Proton MRS spots early heart problems in diabetics

November 1, 2007

At a time when bad press about cardiovascular crises dogs diabetes drug manufacturers, cardiac proton MR spectroscopy is proving itself in identifying early signs of heart dysfunction in patients with impaired glucose tolerance. This finding has important implications for intervention and drug development.

At a time when bad press about cardiovascular crises dogs diabetes drug manufacturers, cardiac proton MR spectroscopy is proving itself in identifying early signs of heart dysfunction in patients with impaired glucose tolerance. This finding has important implications for intervention and drug development.

Animal studies have shown that cardiac myopathy is related to the buildup of lipids and other products of fatty acid metabolism. The new multicenter study from researchers at the University of Texas Southwestern Medical Center in Dallas and other institutions in the same area shows for the first time that this is also the case for humans (Circulation 2007;116(10):1170-1175).

Researchers analyzed results from 134 patients with no history of heart disease and concluded that myocardial triglyceride buildup was more than twice as high in those with impaired glucose tolerance and type 2 diabetes compared with lean patients.

The technically demanding cardiac MRS was more accurate in detecting cardiac steatosis than standard serum measurements for triglycerides. The findings indicate that lipid buildup occurs prior to heart failure and type 2 diabetes diagnosis, raising prospects for effective interventions following imaging studies.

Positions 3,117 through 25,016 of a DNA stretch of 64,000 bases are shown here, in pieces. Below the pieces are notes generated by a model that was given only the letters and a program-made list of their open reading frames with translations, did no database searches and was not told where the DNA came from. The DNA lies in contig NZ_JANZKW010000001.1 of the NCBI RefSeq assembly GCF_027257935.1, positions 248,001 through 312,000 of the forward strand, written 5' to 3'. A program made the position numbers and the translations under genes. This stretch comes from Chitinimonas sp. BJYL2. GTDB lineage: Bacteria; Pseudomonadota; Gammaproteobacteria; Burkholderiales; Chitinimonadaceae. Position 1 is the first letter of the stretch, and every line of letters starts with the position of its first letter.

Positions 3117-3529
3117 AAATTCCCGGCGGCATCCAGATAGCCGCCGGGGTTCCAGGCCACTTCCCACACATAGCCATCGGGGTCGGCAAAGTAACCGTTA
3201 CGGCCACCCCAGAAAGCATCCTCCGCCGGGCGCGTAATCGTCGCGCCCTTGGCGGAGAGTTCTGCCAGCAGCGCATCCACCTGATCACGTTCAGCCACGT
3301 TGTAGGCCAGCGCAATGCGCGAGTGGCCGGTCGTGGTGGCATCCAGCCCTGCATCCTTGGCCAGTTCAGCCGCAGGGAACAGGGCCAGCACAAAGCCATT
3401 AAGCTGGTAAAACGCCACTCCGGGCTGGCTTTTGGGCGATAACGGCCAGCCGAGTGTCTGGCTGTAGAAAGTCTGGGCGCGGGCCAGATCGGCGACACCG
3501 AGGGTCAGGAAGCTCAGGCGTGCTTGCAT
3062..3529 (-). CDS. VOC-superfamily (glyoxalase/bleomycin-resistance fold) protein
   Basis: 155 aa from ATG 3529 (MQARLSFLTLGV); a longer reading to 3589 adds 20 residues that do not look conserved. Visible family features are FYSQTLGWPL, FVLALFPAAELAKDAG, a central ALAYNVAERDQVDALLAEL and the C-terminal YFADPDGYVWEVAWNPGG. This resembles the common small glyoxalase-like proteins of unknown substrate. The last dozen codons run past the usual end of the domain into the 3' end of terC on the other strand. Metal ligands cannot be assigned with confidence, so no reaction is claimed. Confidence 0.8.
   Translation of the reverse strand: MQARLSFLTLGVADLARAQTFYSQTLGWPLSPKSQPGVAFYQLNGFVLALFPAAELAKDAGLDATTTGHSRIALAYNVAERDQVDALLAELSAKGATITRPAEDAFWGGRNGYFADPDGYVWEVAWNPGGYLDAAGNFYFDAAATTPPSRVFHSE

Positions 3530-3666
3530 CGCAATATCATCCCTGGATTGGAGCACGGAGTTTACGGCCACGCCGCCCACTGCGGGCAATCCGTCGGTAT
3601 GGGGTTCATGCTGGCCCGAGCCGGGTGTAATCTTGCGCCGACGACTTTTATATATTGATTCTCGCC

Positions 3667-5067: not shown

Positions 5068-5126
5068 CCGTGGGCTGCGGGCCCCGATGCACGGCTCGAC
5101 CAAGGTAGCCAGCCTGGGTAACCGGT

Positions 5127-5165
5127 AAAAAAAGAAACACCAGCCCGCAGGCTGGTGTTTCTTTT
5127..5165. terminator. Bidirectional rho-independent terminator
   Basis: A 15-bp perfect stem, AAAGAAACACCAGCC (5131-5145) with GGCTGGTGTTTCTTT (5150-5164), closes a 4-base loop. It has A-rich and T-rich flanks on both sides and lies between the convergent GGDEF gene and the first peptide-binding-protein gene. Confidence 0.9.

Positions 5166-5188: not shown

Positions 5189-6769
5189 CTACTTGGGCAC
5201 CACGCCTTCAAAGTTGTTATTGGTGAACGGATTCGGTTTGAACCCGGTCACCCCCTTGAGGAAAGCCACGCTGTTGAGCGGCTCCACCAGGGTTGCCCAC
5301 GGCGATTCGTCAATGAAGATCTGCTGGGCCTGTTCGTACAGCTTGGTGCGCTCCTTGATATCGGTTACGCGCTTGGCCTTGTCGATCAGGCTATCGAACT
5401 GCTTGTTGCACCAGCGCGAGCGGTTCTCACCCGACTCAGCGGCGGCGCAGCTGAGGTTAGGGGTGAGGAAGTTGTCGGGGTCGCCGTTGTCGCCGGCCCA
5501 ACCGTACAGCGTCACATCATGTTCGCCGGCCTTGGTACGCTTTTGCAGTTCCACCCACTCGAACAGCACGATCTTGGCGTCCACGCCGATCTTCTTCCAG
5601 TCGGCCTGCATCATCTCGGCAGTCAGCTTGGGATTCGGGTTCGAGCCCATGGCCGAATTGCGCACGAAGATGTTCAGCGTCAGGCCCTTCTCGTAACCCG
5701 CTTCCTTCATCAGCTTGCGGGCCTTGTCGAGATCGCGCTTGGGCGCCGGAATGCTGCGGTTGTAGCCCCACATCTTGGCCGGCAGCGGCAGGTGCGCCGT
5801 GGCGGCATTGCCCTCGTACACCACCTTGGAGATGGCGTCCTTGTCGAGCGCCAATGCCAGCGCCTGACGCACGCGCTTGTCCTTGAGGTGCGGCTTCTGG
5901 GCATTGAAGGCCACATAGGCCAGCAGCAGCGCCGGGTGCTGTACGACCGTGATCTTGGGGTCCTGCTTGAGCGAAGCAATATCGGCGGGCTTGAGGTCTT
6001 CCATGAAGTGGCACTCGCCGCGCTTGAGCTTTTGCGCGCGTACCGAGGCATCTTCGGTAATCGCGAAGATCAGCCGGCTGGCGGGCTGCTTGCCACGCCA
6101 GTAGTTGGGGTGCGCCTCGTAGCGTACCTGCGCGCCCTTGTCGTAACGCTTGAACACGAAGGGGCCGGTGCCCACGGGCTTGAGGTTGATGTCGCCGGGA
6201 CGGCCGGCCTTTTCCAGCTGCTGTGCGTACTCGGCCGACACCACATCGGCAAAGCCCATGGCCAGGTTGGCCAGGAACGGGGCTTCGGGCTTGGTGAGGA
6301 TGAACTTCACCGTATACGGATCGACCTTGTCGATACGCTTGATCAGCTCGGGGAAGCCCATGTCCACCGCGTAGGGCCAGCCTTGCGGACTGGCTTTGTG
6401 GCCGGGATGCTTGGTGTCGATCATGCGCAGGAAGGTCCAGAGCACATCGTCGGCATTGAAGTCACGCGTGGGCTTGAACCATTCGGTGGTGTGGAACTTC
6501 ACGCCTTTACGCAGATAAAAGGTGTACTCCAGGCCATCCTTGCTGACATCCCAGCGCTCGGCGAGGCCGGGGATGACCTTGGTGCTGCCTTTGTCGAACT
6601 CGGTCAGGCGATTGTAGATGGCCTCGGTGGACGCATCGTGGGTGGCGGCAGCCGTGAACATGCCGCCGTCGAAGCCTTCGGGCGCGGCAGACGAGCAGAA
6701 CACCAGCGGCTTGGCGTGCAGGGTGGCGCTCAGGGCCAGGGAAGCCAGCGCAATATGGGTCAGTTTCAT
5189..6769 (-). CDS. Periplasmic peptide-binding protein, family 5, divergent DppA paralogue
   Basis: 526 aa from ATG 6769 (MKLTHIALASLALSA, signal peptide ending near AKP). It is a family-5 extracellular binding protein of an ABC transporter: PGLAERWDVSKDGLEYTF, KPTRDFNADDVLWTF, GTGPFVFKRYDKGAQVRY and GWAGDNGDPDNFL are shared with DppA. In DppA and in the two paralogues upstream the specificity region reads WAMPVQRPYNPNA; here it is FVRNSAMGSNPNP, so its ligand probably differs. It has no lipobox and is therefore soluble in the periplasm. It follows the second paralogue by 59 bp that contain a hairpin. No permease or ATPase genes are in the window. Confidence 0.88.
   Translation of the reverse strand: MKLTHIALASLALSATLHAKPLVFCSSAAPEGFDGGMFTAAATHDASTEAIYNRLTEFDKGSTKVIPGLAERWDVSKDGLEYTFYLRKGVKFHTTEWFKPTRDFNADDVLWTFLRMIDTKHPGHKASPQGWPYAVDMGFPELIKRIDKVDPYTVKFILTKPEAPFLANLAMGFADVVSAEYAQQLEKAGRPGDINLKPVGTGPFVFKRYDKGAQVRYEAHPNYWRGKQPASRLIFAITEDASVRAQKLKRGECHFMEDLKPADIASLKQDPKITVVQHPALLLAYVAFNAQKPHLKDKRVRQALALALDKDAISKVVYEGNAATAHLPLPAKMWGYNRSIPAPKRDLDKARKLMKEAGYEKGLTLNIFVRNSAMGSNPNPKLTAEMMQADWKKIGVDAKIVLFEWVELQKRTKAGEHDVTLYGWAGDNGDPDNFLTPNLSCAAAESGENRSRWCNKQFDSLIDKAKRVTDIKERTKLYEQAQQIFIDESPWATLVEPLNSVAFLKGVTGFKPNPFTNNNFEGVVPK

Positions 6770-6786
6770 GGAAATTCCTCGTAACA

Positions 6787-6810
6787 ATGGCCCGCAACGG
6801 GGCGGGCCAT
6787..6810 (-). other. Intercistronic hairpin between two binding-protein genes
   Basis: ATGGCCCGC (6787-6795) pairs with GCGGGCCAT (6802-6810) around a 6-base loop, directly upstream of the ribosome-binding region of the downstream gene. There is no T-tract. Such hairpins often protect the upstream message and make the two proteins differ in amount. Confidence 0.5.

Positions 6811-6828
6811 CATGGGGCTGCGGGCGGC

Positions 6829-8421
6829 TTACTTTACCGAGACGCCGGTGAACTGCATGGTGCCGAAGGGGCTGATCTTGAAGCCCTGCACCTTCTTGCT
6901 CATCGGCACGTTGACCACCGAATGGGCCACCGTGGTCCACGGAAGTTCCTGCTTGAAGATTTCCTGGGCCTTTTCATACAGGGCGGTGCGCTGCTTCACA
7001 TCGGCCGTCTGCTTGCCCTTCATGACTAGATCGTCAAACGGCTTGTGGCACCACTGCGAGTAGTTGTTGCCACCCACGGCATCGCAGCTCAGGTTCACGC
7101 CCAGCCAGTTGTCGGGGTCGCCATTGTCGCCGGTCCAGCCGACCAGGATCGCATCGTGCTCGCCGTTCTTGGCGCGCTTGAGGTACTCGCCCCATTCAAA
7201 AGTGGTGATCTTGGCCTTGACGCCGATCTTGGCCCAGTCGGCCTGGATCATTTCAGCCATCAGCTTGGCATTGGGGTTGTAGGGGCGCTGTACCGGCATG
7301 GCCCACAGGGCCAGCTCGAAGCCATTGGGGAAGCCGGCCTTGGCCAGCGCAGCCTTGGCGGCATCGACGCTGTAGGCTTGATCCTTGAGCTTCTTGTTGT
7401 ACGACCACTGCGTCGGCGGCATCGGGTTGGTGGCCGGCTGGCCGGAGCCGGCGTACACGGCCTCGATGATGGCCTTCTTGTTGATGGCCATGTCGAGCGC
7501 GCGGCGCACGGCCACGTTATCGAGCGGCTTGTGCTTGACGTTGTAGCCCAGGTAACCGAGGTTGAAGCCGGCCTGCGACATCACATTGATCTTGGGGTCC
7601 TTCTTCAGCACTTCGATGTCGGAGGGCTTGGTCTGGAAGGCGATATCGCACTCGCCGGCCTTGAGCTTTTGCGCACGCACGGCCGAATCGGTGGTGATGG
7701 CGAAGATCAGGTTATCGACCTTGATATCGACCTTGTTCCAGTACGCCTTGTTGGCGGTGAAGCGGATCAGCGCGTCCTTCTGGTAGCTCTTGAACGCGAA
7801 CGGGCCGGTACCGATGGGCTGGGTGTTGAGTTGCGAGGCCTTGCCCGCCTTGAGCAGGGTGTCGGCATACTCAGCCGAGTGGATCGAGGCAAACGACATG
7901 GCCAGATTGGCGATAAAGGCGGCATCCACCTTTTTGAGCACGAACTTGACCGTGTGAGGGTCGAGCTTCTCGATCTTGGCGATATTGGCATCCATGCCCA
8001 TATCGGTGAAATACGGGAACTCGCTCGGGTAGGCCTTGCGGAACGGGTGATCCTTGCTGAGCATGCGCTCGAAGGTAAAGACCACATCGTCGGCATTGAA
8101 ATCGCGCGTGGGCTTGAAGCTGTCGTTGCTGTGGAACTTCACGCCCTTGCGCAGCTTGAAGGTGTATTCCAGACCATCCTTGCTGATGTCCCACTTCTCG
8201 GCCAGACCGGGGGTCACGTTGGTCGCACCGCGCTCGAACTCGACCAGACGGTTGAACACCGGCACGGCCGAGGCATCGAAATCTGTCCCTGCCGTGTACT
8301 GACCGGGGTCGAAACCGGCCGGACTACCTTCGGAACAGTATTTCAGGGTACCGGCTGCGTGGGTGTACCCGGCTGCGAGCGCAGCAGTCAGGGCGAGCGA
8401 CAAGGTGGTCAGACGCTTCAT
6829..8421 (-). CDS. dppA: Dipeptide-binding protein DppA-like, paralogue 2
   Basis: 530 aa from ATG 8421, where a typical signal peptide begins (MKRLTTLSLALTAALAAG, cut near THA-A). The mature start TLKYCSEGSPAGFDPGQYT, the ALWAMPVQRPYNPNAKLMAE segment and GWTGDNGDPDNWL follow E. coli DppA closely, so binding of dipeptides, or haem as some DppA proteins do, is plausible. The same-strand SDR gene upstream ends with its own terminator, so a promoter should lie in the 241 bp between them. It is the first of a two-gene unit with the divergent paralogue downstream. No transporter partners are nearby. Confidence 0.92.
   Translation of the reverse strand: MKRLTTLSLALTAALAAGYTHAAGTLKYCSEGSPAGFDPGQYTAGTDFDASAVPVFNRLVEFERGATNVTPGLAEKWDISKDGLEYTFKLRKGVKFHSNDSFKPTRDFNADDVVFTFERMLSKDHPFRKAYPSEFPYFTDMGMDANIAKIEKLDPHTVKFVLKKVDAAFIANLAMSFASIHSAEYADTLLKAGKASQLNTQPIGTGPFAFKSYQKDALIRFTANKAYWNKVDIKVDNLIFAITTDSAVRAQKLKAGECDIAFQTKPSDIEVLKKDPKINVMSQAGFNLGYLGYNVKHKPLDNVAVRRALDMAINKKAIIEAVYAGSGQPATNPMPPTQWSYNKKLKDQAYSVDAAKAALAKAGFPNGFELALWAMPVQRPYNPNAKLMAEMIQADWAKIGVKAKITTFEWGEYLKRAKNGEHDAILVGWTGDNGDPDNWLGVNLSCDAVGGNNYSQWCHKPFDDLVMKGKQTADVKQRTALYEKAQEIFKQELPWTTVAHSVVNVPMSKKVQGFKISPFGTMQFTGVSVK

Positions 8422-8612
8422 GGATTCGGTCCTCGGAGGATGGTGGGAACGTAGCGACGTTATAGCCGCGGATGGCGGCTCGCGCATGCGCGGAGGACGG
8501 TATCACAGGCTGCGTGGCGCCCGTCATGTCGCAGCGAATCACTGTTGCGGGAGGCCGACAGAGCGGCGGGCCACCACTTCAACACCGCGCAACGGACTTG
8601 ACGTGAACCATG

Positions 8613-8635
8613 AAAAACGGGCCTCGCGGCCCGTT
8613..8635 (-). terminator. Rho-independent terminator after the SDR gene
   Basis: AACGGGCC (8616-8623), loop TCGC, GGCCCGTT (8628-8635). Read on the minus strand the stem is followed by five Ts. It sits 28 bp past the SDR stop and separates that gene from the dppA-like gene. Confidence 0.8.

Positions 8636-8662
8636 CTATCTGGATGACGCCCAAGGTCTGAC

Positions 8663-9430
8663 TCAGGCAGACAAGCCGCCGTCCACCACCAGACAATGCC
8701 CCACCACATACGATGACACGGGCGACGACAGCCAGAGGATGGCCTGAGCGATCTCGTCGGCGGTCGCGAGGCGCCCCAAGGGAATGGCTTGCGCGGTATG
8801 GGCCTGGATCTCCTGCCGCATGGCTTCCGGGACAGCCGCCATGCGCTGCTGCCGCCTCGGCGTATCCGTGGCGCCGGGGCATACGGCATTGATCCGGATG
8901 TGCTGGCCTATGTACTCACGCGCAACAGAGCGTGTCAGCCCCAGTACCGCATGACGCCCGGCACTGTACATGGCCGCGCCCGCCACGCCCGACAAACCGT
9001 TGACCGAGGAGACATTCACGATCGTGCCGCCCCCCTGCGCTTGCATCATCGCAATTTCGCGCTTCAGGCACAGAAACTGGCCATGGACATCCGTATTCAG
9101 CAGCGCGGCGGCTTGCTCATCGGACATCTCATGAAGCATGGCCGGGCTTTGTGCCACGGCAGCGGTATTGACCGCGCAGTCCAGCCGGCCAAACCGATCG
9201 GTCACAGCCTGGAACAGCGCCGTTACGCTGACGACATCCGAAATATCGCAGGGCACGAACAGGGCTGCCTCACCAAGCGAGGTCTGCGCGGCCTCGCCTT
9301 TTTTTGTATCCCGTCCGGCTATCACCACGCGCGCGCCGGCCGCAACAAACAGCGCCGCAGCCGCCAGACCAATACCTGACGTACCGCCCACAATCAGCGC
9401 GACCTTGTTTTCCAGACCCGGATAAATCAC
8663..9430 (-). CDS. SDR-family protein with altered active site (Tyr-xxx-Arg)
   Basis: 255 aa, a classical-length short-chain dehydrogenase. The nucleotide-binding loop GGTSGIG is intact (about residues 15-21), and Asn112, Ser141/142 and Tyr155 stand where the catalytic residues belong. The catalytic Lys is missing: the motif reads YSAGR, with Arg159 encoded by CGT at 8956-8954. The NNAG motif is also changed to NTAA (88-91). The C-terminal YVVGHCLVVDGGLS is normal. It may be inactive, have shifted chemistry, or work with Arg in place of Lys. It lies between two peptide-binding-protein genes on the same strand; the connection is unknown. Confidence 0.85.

In an accompanying editorial, Dr. Frederick Ruberg, codirector of the advanced cardiac imaging program at Boston University, noted that this is the largest study of cardiac spectroscopy in human subjects. Thanks to this research, he wrote, "myocardial lipid content may one day be used as a biomarker to predict development of cardiac dysfunction in patients with insulin-resistant states and may serve as a measurable target for intervention before the development of cardiomyopathy."

Drugs that reduce fat accumulation in blood vessel walls have been shown to reduce risk of heart attack and stroke, said Ruberg in an interview with Diagnostic Imaging. Drugs in the TZD class, for example, which are used to reduce blood sugar levels in people with diabetes, are known to reduce fat content in liver and skeletal muscle cells. Perhaps they may do so in heart cells as well.

Drugs that may reduce fat accumulation in heart cells may likewise slow or avert the progression to heart dysfunction in diabetes. Cardiac MRS may be used as a means to test the efficacy of known drugs or agents in development in the treatment of cardiovascular disease, Ruberg said.